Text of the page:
Fahrenheit 11/9 is Michael Moore's newest documentary, a "spiritual sequel" in a way to his groundbreaking Fahrenheit 9/11. This film deals with the 2016 Election and Donald Trump, asking the questions of how we got here and how can we get out.
The film is far more typical than most of Moore's other films. Unfortunately, it just doesn't have the depth or impact that he is known for. Instead of being based on passion, it instead feels like the film is based on anger, not aiming to cause change, but aiming to incite anger. This makes the film far less successful and gives it an insincere feel. The film also has major issues in pacing and plotting. The film is very much all over the place, jumping from one topic to the next in rapid succession. It isn't just a film about Trump— it's a film about Trump, Hillary Clinton, Bernie Sanders, the Flint water crisis, and the Parkland school shooting all in one. The connections between these events are loose at best, and that is the way it comes across in the film too. Instead of making a specific political statement, Moore instead opts to make a blanket notion that is quite generic. The style of the film is also far more generic, mostly comprised of footage narrated by Moore, which is disappointing.
That being said, it's not all bad. There are moments in which Moore's signature documentary style shines through. For example, he does a "stunt" in which he uses a tank of water from Flint to water the Governor of Michigan's lawn. Moments like these are the best in the film, as they are the most enjoyable and most effective. The film is relatively enjoyable as a whole. Whether you agree or disagree with the politics contained in the film, the ability of either side to make a fool of themselves is humorous. Additionally, the soundtrack goes a long way in keeping the film moving despite its long run time, and I appreciate that.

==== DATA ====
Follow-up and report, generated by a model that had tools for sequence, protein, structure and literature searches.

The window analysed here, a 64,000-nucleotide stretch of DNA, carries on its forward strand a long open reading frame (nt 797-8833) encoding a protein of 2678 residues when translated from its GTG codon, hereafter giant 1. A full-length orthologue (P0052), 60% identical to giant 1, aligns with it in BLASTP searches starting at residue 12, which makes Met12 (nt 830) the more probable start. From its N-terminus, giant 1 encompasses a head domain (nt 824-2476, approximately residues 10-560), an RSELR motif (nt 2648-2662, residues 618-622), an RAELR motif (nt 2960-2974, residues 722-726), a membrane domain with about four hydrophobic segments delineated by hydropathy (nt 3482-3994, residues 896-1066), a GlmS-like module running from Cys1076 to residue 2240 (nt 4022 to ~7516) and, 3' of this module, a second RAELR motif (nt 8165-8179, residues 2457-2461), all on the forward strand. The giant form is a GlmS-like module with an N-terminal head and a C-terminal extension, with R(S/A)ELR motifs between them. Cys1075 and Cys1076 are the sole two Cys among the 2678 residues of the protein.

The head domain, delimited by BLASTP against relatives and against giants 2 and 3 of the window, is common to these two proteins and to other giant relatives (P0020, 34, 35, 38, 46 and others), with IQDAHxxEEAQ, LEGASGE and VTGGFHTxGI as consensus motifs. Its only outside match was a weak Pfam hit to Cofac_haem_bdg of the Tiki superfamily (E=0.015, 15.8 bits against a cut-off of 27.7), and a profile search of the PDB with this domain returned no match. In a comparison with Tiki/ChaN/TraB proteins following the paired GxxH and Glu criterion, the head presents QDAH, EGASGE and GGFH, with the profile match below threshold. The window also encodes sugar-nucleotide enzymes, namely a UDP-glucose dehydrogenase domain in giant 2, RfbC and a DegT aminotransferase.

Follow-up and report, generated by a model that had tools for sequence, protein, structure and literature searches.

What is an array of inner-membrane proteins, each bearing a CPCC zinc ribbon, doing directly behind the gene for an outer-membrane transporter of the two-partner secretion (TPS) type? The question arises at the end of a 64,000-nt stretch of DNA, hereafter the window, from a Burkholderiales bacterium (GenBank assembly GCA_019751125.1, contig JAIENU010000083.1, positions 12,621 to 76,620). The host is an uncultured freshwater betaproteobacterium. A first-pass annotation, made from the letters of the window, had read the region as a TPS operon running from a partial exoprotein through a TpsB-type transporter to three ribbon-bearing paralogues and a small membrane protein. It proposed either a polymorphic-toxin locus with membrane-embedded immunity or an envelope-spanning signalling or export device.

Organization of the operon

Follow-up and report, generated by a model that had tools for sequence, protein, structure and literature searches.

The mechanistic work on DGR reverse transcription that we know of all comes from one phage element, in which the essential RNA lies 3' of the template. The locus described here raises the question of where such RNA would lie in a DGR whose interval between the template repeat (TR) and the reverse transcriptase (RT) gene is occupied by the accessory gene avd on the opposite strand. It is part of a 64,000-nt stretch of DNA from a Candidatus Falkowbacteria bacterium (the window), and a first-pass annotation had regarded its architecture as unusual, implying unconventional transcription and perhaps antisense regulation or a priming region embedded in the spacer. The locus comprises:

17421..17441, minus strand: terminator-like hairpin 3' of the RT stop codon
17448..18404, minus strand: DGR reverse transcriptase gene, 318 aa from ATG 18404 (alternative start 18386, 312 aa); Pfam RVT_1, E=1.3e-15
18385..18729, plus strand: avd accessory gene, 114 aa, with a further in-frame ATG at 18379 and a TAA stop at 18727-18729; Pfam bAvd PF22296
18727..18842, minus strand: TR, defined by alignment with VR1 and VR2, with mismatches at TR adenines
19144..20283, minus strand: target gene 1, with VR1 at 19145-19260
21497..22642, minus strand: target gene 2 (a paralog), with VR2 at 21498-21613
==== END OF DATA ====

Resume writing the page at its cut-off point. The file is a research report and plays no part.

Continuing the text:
Overall, I enjoyed Fahrenheit 11/9. It's definitely on the weaker end of Michael Moore's filmography, but it is definitely far more developed than his last Trump "film", Michael Moore in Trumpland. This isn't something you absolutely have to see, though.
Big Tuna's Rating: B
How Did I Watch It?: In theaters.
Had I Seen It Before?: No.
Would I Watch it Again?: Probably not.
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I look at films as if through old red and blue 3D glasses— one lens is as art, one lens is as entertainment.
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